As of April 2015, the estimated Islamic State civilian death toll is 15,000 men, women and children.

The Islamic State is not only destroying human lives and families, they are also destroying historic sites of religious and cultural heritage that have existed for hundreds of years. The gradual desecration and elimination of these religious and cultural aspects only further expedites the destruction of the peoples and their histories entirely.

In the Edge of Extinction report, 21 Wilberforce proposes six different recommendations to aid these persecuted people.

The first of these recommendations is to support the establishment of a Nineveh Plains Province uniquely designed for besieged minorities. The establishment of this province would allow for minority groups to represent a political majority. As in the Kurdistan Regional Government, a Nineveh Plains Province should receive a measure of autonomy from the Federal Iraqi government in order to govern their own affairs.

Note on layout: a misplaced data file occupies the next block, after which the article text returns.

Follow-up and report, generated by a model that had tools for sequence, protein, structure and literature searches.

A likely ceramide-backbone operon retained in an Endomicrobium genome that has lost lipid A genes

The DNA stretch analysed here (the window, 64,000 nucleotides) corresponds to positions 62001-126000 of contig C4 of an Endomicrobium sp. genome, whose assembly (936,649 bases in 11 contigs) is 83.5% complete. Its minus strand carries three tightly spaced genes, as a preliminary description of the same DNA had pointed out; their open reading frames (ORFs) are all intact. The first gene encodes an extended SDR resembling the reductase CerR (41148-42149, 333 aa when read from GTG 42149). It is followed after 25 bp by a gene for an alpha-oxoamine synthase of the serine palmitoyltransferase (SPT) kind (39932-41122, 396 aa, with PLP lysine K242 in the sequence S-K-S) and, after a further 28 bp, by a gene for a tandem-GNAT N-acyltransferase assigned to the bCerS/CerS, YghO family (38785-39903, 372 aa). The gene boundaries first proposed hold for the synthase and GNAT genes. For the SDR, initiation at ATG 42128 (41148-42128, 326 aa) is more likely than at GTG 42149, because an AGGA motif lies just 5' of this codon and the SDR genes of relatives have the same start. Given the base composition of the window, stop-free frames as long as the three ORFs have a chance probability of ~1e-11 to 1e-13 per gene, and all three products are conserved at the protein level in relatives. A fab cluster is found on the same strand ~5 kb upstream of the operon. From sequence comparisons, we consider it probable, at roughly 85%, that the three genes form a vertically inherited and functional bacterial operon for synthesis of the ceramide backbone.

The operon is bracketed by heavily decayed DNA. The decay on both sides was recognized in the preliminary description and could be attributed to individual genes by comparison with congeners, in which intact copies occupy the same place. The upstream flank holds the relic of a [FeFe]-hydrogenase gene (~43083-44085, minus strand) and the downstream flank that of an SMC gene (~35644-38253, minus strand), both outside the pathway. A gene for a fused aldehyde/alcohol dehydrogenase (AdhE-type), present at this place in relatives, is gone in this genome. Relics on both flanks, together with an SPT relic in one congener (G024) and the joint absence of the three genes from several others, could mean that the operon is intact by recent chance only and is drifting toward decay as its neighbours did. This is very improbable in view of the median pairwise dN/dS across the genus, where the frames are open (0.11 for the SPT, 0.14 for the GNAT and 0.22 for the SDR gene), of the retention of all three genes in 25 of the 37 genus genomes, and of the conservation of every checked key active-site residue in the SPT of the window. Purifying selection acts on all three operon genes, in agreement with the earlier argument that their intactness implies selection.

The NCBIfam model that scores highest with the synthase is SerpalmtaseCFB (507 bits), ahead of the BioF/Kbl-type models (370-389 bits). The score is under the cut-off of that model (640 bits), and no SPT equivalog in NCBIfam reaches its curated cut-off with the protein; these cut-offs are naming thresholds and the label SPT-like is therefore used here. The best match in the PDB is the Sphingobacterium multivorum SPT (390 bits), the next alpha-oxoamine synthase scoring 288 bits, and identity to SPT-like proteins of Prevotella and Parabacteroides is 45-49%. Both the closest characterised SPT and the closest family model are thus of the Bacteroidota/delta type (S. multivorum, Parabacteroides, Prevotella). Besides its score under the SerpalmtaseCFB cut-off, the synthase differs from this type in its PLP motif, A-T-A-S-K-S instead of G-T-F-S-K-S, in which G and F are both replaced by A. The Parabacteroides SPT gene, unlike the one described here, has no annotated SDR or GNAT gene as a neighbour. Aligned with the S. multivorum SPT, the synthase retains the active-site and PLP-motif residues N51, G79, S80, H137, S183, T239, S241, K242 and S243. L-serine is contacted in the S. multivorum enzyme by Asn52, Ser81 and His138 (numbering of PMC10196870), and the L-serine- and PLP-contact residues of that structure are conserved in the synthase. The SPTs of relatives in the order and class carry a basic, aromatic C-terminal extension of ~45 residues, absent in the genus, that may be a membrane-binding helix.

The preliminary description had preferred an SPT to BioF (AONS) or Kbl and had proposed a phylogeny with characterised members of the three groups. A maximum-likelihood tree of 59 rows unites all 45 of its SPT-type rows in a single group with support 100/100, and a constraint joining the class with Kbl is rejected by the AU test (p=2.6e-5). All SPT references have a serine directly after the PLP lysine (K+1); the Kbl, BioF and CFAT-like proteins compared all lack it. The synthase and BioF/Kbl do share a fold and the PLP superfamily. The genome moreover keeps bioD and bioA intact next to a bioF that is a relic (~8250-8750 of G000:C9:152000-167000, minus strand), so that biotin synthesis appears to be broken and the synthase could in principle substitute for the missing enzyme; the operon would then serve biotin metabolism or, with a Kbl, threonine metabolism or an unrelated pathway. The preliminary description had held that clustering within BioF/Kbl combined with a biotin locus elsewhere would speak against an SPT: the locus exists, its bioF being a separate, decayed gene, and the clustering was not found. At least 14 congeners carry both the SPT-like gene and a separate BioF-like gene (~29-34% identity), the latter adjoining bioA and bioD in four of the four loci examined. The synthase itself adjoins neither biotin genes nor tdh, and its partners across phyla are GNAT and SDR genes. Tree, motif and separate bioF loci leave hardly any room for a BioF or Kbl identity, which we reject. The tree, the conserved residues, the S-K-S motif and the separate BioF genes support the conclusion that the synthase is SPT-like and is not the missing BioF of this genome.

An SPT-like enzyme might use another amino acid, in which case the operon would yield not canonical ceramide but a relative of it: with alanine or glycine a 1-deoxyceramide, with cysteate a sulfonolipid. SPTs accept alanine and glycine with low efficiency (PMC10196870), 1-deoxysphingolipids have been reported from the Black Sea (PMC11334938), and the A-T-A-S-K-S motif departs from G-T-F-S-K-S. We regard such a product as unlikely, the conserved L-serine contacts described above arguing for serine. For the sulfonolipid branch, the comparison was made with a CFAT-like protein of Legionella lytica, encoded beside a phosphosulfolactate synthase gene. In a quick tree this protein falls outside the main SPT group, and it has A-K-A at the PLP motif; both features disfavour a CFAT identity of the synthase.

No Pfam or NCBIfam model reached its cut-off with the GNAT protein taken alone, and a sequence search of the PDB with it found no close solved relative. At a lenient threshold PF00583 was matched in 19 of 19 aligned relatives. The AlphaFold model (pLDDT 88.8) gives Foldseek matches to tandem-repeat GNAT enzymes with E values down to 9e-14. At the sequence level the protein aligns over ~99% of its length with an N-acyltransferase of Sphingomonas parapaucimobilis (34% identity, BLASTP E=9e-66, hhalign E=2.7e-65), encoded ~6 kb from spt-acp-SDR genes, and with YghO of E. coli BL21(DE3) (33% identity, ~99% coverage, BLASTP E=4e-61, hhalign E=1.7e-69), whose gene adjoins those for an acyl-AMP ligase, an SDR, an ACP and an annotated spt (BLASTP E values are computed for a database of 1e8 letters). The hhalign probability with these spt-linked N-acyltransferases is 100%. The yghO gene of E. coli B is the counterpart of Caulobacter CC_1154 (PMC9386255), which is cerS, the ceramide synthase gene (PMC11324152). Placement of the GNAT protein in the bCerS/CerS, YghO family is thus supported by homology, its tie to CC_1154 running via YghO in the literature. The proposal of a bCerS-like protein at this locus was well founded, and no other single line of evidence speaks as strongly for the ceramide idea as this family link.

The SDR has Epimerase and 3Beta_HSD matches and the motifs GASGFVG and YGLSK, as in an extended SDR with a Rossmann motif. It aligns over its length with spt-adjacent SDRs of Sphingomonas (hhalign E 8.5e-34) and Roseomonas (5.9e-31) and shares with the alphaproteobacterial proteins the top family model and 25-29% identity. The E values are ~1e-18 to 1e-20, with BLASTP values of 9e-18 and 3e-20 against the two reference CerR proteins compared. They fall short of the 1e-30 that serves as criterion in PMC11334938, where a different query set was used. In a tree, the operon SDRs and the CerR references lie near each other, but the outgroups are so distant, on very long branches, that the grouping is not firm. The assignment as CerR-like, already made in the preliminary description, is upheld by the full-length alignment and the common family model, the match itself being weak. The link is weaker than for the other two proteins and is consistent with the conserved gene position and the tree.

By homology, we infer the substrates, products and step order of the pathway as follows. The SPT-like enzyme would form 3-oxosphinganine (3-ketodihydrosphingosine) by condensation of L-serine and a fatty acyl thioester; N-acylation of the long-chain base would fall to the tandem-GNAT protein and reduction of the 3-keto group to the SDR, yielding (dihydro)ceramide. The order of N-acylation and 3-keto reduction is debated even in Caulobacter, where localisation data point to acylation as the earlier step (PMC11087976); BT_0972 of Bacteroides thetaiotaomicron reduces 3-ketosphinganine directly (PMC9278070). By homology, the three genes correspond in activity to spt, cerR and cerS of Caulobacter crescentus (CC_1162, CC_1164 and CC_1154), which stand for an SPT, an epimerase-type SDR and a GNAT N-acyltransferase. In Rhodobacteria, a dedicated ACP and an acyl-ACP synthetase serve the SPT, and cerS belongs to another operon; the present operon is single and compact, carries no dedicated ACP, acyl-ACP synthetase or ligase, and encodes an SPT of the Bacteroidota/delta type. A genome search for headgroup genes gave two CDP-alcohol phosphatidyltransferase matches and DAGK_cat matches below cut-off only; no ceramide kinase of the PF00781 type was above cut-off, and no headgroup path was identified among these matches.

The second recommendation is to support the fledgling Nineveh Protection Units as  a genuine national guard capable of defending a Nineveh Plains Province. In order to enjoy security and protection, minority groups must be able to rely on their own defense forces. The US government should support directly arming this protection unit to ensure that arms aide is going directly where it ought to be. The US should also directly arm the Nineveh Protection Units and Kurdish Peshmerga, which has been the leading force in pushing back the Islamic State.

The third and fourth recommendations are to place pressure on Iraqi central government and Kurdistan Regional Government (KRG) to help return properties to their rightful owners after areas are liberated from IS as well as support and strengthen the KRG’s efforts to protect human rights. If, as mentioned above, the US does indeed show meaningful support of the Kurds and their forces, it would most likely be easier for the US to place pressure to see the KRG fulfill human rights concerns.